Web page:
KEESJE From , joined Dec 1969, posts, RR: Posted (9 years 3 months 3 days 8 hours ago) and read 2065 times:
The A318, flew for the first time today with new PW6000A engines (PW6124A) from Pratt & Whitney. Certification of this aircraft engine combination should take place towards the end of 2005 after some 500 flight hours.
Will this engine give PW a comeback possibility in the Narrowbody segment?
ContinentalFan From United States of America, joined Oct 2000, 356 posts, RR: 0
Reply 1, posted (9 years 3 months 3 days 8 hours ago) and read 1993 times:
Probably not, since CFM has a lock on the 737 market and CFM and IAE (admittedly a RR/PW joint venture) have a lock on the A319/320/321 market. I don't see any compelling reason for an airline to specify a different engine on those birds. The A318 has a somewhat limited market. I wonder what other applications PW is planning for the PW6000 family? Maybe re-engining MD80s and such (that would be cool).
RayChuang From United States of America, joined Jun 2000, 7916 posts, RR: 5
Reply 4, posted (9 years 3 months 3 days 4 hours ago) and read 1759 times:
I think Pratt & Whitney may have found two niches for the PW6000 engine:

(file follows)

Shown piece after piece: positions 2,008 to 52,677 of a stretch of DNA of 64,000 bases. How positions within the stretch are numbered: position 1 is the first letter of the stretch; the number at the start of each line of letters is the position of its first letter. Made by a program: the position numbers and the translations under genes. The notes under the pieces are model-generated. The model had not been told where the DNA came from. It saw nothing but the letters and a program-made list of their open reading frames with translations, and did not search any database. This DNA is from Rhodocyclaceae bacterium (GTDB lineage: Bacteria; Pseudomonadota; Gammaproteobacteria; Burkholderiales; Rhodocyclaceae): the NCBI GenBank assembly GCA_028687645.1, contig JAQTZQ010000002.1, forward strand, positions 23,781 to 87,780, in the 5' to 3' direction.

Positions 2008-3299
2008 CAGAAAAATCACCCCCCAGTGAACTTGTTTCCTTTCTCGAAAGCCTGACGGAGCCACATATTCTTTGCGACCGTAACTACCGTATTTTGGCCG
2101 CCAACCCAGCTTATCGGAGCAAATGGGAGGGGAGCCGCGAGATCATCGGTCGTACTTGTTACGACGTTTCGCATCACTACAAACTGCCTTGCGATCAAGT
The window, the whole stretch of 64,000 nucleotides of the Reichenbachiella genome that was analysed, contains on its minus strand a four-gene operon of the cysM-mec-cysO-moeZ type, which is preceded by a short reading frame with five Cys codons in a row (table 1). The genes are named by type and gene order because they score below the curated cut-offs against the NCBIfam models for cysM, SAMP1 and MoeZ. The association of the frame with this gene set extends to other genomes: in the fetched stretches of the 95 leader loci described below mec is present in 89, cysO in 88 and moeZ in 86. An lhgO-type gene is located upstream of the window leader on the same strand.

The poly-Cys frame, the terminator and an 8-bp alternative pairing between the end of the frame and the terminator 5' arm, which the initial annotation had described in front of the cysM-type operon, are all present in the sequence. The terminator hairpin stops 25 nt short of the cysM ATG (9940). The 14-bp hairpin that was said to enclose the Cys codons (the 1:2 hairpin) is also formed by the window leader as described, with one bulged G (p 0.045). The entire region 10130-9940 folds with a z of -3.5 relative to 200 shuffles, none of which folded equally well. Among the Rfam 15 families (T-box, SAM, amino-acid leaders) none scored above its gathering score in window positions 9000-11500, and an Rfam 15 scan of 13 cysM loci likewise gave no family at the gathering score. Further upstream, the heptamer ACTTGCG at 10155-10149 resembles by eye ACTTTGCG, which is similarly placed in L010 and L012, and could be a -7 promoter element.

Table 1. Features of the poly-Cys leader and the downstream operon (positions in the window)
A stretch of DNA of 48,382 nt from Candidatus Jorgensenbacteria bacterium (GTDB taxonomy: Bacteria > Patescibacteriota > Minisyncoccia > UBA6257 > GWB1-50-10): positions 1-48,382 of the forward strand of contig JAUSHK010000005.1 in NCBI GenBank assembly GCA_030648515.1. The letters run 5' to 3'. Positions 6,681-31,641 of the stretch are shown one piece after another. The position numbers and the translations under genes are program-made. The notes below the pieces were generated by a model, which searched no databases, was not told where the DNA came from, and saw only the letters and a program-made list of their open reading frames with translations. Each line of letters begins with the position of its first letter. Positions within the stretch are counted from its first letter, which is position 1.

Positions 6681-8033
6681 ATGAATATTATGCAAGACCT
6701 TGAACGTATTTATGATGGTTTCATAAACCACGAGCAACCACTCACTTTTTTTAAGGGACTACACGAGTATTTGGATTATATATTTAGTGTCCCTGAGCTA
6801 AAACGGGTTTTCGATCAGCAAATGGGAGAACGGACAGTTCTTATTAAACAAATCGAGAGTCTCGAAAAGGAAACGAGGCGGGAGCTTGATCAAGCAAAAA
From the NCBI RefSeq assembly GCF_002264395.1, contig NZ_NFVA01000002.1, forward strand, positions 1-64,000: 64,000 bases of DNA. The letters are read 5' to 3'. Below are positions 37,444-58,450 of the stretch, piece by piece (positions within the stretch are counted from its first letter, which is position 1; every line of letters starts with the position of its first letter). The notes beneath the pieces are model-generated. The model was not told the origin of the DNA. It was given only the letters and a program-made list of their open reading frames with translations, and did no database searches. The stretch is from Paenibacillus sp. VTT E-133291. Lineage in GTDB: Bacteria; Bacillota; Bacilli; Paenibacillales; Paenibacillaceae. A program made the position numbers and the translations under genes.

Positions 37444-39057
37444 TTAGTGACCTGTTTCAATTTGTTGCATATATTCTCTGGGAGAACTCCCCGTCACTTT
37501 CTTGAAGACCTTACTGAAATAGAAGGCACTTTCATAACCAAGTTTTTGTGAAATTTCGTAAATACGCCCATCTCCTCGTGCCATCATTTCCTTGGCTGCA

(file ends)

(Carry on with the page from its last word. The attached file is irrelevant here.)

1. Bombardier's new larger regional airliner and possibly installation on the Embraer 190/195 down the road.
2. Engine upgrades for older planes, particularly the MD-80 series. I wouldn't be surprised that Pratt & Whitney has already discussed re-engining AA's huge MD-80 fleet with the PW6024, something that could extend the life of AA's fleet to 2020 and beyond.
Scbriml From United Kingdom, joined Jul 2003, 11971 posts, RR: 48
Reply 6, posted (9 years 3 months 3 days 4 hours ago) and read 1706 times:
Unfortunately, I don't see that the eventual availability of this engine doing very much for A318 sales - which, in case anyone missed it, have actually decreased after GECAS converted some of it's orders to A319/20s instead.
Hey AA, the 1960s called. They want their planes back!